On the other hand, “The common belief that, ‘If a little of anything does you good, a lot more will do even better,’ has no basis in our understanding of toxicology. Virtually all vitamins and minerals are dangerous if too much is consumed,” says Anthony Trewavas, Ph.D., a professor and plant scientist at the Institute of Cell and Molecular Biology in Edinburgh, Scotland.
Additionally, many of the studies have not taken into consideration differences in soil, weather and other variables, says Joseph Rosen, Ph.D., a professor of food science at Rutgers University in New Jersey.
Most experts agree that increased nutrient content is not necessarily the primary reason to buy organic. According to Urvashi Rangan, Ph.D., an environmental scientist at Consumers Union, “While preliminary evidence does suggest, for example, that an organic orange has four times the antioxidants of a conventionally grown orange — if that’s why you’re buying them, you may want to wait until there is stronger scientific proof.”
Kathleen A. Merrigan, Ph.D., a professor at the Friedman School of Nutrition Science and Policy at Tufts University, agrees. “We still need more evidence about antioxidants; more work needs to be done,” she says.
Is it true that organic foods taste better?
Organic food has a reputation among many people for tasting better. The reason? It was mainly available at roadside stands and was fresher than the conventional produce sold in supermarkets, says Rosen. However, he doesn’t believe there is any difference.
Benbrook offers an alternative reason: “Organically-grown food tends to grow a bit more slowly and does not reach the size of conventional produce. Conventional fruits and vegetables grow faster, tend to get bigger and yield a bit more per acre, but they do so at the expense of nutrient and antioxidant density. As a result, the taste, flavor and aroma of conventional produce tend to be diluted.”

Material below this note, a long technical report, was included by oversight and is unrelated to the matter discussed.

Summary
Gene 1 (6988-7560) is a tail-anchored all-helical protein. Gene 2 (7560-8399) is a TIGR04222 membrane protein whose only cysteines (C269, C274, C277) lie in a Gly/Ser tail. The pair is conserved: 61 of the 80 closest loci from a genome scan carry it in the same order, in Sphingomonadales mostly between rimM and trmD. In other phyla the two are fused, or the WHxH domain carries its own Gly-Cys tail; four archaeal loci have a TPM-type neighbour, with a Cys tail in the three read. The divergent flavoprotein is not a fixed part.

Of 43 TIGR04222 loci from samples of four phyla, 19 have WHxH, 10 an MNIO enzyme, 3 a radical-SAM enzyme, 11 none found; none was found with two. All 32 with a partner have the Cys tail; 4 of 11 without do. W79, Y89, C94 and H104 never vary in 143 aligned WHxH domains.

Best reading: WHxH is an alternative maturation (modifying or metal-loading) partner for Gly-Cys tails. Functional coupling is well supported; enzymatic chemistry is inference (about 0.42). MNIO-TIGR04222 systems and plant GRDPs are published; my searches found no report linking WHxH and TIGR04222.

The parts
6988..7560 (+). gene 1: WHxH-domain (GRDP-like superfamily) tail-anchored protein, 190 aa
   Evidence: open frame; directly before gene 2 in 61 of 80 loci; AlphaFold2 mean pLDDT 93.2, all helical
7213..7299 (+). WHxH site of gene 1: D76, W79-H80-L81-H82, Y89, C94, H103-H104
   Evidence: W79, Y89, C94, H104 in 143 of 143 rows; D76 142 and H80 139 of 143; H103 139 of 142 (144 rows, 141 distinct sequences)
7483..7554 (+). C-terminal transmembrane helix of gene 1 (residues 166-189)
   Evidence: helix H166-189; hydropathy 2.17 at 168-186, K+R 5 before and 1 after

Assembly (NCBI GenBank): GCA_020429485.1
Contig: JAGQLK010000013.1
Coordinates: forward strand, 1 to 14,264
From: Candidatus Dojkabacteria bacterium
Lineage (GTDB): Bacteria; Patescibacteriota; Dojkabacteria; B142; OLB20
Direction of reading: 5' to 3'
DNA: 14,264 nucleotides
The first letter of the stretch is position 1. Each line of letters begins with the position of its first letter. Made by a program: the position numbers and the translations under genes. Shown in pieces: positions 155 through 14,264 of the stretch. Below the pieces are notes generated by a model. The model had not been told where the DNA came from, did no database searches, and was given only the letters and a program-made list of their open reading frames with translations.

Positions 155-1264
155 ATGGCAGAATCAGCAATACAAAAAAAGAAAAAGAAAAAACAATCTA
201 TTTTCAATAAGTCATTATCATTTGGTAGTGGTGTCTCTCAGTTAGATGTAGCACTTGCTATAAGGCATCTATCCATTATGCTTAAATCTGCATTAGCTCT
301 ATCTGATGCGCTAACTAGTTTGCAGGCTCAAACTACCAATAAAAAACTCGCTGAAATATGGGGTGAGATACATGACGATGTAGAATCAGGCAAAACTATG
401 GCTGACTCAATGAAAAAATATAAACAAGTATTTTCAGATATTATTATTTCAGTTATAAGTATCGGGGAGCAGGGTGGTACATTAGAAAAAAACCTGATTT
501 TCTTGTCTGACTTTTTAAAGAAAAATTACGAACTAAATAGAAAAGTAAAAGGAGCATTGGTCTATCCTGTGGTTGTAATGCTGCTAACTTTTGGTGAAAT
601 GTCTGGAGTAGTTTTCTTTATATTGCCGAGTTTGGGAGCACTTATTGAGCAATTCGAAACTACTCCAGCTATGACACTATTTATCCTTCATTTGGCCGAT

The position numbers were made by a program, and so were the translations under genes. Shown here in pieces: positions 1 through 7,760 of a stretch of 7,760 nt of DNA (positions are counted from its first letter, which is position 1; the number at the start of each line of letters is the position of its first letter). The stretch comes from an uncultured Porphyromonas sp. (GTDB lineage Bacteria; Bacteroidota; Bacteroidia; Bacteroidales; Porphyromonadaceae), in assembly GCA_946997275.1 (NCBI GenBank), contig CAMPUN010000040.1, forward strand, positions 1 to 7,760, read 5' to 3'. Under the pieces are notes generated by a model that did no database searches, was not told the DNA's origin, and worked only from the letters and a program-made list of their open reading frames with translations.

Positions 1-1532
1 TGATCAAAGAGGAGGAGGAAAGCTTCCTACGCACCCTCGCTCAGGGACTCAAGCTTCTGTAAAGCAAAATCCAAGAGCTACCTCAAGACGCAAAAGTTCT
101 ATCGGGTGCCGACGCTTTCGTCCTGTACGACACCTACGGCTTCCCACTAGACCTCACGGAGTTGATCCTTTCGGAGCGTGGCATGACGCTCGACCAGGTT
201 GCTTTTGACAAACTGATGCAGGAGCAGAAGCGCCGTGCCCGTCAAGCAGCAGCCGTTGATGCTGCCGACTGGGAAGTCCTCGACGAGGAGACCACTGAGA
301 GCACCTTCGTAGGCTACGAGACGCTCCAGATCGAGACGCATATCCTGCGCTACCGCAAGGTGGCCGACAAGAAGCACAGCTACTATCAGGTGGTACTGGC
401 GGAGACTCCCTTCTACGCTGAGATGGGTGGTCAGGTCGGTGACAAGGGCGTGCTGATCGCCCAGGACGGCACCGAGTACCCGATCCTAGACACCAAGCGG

Instead of relying on scientists, why not do your own taste test?
Are there any other reasons to eat organic?
One of the most popular and quantifiable arguments in support of organic food is less about the final product and more about the environmental conditions surrounding organic versus conventional farming. By eliminating petroleum-based fertilizers, organic farms could help reduce soil erosion, climate change and water contamination. And if you are concerned about genetically-modified foods — for the most part, you can avoid them by purchasing organic.
When it comes down to it, buying organic is an individual decision on many levels. “Some people focus on environmental issues; others care about health issues, worker issues, animal issues, cost issues — there are all kinds of value decisions a consumer can make,” says Rangan.
Next week’s column will answer the question of whether you’re at risk by eating conventionally-grown fruits and vegetables.